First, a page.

As a specialist investor, we seek to extend our reach across the economy through research, insights and information sharing. In 2017-18 we published a major market analysis on the potential electric vehicle market in Australia, with a view to lowering transport-related emissions. We were pleased to make a number of submissions to Government and/or parliamentary enquiries, including the AEMO Integrated System Plan Consultation project; the Energy Security Board draft design consultation paper into the National Energy Guarantee, and the RIT-T Application Guidelines review by the Australian Energy Regulator.

CEFC staff appeared before the House of Representatives Standing Committee on Environment and Energy in respect of the Future of the Grid inquiry, and the Senate Environment and Communications inquiry into the provisions of the Clean Energy Finance Corporation Amendment (Carbon Capture and Storage) Bill 2017.

The CEFC works extensively with state, territory and local governments, both as a conduit to business and in their own capacity as service providers with a large carbon footprint. We provided Infrastructure Victoria with advice regarding automated and zero emissions vehicles. We also provide a weekly Markets Update to key stakeholders, including policy makers, investors and clients, with timely information about emerging developments in the clean energy sector.

Green Banks

The CEFC remained a frequent contributor to targeted industry and sector-specific conferences and events. These provide an opportunity to lift understanding about clean energy finance and the role of clean energy technologies in decarbonising the Australian economy. The CEFC Chair, CEO, Executives and staff spoke at 107 conferences, across the breadth of our portfolio and in multiple locations, also reflecting our national focus. We also issued 44 media releases about CEFC transactions. We see this as an important additional means of delivering transparent information about our investments on behalf of taxpayers, and also to help inform and educate the market about the scale and diversity of clean energy investment opportunities.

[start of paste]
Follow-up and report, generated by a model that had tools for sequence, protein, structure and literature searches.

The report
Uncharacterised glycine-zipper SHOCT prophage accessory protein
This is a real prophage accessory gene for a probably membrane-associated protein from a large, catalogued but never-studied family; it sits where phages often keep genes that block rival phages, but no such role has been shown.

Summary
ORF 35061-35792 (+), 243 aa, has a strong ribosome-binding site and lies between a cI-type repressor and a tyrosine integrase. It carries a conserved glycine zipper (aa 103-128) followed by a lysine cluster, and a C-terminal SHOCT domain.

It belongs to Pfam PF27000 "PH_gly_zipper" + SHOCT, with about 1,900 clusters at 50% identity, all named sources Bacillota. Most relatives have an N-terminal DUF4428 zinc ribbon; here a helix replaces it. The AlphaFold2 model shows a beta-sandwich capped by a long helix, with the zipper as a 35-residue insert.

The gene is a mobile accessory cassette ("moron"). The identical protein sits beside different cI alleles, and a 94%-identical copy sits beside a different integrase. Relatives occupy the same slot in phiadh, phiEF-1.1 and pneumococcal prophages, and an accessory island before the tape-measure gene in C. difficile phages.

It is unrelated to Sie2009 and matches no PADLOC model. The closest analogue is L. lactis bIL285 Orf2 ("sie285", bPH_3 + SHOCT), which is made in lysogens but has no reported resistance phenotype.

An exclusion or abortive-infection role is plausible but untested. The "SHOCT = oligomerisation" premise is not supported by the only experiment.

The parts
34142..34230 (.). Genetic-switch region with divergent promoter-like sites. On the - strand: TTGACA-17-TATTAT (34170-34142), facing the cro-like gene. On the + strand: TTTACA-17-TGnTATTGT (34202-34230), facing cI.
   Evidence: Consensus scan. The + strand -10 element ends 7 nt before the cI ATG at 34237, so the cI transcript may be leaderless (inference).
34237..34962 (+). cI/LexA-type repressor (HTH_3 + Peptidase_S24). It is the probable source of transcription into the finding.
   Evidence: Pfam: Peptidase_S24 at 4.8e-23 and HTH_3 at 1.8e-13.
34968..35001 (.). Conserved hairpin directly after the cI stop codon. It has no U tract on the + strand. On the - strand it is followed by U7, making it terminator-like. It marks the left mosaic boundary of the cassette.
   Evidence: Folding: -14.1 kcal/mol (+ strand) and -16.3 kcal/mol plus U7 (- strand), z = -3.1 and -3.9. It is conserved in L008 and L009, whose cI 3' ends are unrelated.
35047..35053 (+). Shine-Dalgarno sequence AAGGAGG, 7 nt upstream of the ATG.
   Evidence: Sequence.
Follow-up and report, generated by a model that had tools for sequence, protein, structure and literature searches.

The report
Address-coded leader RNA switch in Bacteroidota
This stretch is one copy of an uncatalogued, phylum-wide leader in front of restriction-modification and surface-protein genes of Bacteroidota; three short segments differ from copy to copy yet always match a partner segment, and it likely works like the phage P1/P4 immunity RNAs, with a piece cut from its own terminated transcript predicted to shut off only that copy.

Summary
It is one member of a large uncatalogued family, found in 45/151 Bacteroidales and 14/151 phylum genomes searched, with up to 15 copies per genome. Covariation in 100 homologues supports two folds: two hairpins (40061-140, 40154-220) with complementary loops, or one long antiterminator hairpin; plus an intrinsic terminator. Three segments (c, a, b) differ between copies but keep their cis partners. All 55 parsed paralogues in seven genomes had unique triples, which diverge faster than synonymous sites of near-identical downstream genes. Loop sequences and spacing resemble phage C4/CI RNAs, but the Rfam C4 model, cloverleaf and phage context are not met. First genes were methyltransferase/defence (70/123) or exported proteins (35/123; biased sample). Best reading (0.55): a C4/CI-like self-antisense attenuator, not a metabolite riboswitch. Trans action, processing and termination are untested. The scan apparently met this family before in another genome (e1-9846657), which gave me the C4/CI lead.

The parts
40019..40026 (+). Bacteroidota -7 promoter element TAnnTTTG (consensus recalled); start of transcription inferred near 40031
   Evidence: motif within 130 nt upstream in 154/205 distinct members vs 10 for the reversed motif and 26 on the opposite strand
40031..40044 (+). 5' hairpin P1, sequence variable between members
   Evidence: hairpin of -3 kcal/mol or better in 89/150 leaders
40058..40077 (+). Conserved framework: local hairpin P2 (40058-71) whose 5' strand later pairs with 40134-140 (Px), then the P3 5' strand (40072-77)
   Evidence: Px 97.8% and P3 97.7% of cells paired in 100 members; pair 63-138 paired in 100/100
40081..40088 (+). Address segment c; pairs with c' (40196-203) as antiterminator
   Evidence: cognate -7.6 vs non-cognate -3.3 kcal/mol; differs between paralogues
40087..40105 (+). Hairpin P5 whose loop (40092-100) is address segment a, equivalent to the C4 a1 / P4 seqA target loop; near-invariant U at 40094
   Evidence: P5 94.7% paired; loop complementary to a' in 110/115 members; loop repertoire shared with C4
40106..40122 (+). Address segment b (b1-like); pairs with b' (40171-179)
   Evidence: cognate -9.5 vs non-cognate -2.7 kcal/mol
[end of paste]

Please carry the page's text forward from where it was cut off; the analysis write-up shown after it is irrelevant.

The CEFC remains an active member of the Green Bank Network (GBN), an international membership organisation which fosters collaboration and knowledge sharing across ‘green banks’ in the US, UK, Malaysia and Japan. As noted by the International Energy Agency (IEA) in its 2018 Investment Outlook, the CEFC is a significant player in ‘green bank’ investment, representing 50 per cent of total investment by ‘green banks’ around the world to date. In addition, the IEA noted that the CEFC is responsible for almost all the investment by ‘green banks’ in low carbon transport, as well as the increased share of solar and energy efficiency investment since 2016.

In addition to our external engagement with mainstream media channels, we continue to grow our digital reach to provide increased and timely access to information about our activities, across the CEFC website, Twitter and LinkedIn. The CEFC website recorded 7.65 per cent growth in user numbers, with case studies about specific CEFC investments consistently attracting the highest level of engagement. We saw 25 per cent growth in our Twitter audience, to over 6,400 followers, with the CEFC’s own tweets about our transactions being re-tweeted at an average rate of 2:1. The increase in LinkedIn audience numbers, up almost 70 per cent to more than 4,300, reflected a sustained push to leverage this channel to reach decision makers in the clean energy sector and broader economy. A series of video case studies about CEFC investments attracted strong attention via LinkedIn.

We maintained our role as a leading investor in Australia’s renewable energy sector and further extended our reach into emissions reduction activities in infrastructure, agriculture, property, transport and waste. In addition, our venture capital finance for innovative clean energy companies saw continued growth.